Posted by Kristy 11/26/2010 at 01:44 PM

Heather, right on, that's exactly what's going to happen. (:

Andy R will have found some Yankee-catering restaurant yesterday, and stocked up on so many carbs he'll blast Novak off the court.


Posted by Tic 11/26/2010 at 01:45 PM

And then this happened, which actually was "una barbaridad, una locura":

Winning next point:

Winning that game:

Winning first set TB (and knowing he's in the semis):

Posted by Heather 11/26/2010 at 01:45 PM

It's okay CL :), I don't mind Murray at all, he'd be my number 2 to win the whole thing.

Posted by Sherlock 11/26/2010 at 01:45 PM

Thanks, Andrew. Very interesting. This is the first time I've seen this combination as well.

Posted by CL 11/26/2010 at 01:45 PM

Sherlock - did you overeat? Tsk.

Posted by Ruth 11/26/2010 at 01:46 PM

I'm enjoying reading all (well, almost all) of the continuing interpretations of and commentaries on the Rafa incident, part of which I missed because I was on the phone. (I'm rally more upset about missing the reportedly sweet "Berdych and little kid" episode -- again because of the darn phone.)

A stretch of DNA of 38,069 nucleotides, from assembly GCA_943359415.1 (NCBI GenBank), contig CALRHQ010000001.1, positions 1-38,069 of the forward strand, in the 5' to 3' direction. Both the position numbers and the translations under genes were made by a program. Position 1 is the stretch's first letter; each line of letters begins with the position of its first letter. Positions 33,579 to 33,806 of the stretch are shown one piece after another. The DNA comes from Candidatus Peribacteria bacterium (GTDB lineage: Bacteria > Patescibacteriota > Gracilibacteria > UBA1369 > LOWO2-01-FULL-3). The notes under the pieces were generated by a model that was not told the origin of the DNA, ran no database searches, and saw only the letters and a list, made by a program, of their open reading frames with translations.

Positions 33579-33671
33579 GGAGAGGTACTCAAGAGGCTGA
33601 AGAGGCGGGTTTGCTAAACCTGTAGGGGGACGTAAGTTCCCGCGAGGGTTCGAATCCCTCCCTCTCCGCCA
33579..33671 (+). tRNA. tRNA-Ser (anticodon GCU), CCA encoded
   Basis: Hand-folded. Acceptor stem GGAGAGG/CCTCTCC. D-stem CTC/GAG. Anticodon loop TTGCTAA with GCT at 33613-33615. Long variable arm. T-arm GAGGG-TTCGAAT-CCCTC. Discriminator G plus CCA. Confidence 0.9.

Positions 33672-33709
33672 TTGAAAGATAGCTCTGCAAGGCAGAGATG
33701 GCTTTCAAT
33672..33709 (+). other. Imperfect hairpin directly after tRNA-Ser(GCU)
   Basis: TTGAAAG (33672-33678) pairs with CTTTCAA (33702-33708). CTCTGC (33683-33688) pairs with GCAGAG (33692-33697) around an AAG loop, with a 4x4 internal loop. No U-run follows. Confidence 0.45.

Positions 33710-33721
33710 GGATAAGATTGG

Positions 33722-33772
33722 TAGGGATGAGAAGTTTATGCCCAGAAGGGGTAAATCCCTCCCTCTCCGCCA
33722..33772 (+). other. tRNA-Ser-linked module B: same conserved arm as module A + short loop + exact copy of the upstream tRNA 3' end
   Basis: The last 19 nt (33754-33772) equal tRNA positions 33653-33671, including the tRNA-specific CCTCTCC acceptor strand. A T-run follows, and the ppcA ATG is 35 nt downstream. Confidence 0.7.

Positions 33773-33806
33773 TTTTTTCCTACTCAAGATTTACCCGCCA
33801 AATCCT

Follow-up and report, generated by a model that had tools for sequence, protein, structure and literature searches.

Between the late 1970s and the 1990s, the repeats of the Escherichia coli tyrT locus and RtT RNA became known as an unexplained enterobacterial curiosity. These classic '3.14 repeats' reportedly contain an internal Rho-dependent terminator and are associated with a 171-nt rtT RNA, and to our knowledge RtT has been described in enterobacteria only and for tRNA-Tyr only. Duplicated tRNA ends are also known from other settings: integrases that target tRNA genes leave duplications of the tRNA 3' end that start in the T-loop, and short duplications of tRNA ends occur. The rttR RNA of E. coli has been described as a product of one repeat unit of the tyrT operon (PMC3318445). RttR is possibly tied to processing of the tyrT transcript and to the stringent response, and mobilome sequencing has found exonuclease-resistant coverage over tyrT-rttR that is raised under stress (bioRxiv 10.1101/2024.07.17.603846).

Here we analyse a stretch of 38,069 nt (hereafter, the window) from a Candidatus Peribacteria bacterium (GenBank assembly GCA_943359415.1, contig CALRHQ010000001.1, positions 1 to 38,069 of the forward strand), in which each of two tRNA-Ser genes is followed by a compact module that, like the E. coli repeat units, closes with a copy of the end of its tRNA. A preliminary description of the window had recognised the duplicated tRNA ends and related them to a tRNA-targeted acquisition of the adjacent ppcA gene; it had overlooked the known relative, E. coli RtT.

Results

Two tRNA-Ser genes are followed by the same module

And, now, because I promised to meet with the vegan relatives for some of their Thanksgiving leftovers later this afternoon and evening, I'll have to miss the last RR match and, probably, the first replay of the Nadal match. I hope TC schedules other replays because I haven't had either my old VCR or my new DVR hooked up since I arrived in Atlanta.

Posted by Tim (Moonpies lead to violence!) 11/26/2010 at 01:48 PM

lol well i dontn expect a Rafa kid to see any of this, he walks on water and his 'intensity' is just sexy, no? the only good side is that next year, there's nowhere to go but down... see how cranky he gets when its the stage when even winning everything isnt enough, thats coming soon enough...

Posted by Ausiemarg,Madame President,Rafa London Is Calling! 11/26/2010 at 01:48 PM

My Dear Tim

Passing you a "extra long GE with extra salt" ok with my compliments